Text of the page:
Chronicles of Narnia
by C. S. Lewis
As I gaze at my book shelves there are two book sets that remain from my childhood: The Chronicles of Narnia and Little House on the Prairie. I must admit, I made it through only two of the Laura Ingalls Wilder books, Little House in the Big Woods and Little House on the Prairie. I chose instead to watch the TV show religiously. I did, however, read all of the Narnia books. I started with the first book and made the progression through many times. It is a paper back set and the books barely fit into the original box, because I was so hard on the spines.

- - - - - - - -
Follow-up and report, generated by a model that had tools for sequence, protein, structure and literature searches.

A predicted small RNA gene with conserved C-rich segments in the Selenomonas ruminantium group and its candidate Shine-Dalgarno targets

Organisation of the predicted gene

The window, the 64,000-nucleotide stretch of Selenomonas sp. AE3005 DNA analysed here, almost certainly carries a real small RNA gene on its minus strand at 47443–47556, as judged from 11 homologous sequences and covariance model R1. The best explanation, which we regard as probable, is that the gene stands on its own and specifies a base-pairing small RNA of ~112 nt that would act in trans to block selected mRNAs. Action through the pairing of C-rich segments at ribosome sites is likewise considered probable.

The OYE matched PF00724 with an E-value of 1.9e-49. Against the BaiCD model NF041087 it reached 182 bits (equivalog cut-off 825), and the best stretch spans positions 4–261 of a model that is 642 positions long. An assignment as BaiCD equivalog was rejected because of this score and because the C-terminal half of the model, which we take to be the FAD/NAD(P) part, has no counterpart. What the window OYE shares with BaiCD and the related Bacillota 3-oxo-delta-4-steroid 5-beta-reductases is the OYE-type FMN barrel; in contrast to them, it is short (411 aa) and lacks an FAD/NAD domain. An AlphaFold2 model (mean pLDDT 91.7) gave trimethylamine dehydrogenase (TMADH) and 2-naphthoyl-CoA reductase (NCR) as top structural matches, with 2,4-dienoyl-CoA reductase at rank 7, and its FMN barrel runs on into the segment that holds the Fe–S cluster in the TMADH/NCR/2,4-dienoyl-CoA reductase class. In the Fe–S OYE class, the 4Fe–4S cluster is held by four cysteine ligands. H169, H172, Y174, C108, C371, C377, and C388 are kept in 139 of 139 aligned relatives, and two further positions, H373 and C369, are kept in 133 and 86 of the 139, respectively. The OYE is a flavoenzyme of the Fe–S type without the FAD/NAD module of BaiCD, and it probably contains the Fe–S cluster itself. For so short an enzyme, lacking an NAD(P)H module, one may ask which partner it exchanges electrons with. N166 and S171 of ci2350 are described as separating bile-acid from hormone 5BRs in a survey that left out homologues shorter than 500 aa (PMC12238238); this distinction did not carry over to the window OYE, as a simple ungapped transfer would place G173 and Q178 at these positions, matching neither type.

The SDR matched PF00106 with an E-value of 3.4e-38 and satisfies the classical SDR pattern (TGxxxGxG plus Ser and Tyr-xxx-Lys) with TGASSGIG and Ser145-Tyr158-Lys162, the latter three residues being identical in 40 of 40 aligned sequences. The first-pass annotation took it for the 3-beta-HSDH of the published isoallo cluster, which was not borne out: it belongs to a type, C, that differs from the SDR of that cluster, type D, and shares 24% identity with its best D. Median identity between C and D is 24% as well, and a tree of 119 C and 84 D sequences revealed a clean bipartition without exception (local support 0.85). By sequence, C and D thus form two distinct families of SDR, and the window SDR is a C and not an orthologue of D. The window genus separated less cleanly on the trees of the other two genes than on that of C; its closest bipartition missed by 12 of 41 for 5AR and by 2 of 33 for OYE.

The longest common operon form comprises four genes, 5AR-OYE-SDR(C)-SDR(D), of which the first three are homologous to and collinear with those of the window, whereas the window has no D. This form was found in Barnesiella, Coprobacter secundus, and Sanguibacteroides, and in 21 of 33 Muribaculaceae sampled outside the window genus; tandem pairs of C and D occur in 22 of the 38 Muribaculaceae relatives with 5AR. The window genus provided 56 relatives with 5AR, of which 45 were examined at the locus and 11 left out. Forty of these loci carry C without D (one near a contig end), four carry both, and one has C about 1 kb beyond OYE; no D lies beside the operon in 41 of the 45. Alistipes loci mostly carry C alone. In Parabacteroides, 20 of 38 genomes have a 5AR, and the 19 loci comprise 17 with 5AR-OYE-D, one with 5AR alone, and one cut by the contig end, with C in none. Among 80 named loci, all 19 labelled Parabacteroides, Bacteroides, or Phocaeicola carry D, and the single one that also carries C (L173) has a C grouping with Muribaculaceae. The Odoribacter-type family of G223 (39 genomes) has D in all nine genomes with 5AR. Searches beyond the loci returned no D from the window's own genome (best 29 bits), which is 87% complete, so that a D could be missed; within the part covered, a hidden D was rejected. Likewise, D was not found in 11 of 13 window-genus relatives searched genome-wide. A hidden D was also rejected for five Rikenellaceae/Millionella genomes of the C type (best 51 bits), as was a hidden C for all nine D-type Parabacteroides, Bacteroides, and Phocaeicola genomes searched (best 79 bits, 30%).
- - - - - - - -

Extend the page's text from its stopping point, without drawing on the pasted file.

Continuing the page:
These days you will find The Magician's Nephew marked as book #1. It is the beginning of the tale and frankly ties for my favorite with the now #2 book, The Lion, the Witch, and the Wardrobe. The Magician's Nephew contains a description of the beginning of Narnia, and it is one of the best creation stories I have ever read. The series has something to appeal to all sorts of readers: heroes in the form of girls, boys, animals and mythological creatures; adventures at sea and on land; friendships made and lost; families divided and reunited; and even a bit of romance. The primary theme of all of the novels is the triumph of good over evil. The theme is particularly poignant when you consider that Lewis imagined it during a time plagued by world wars.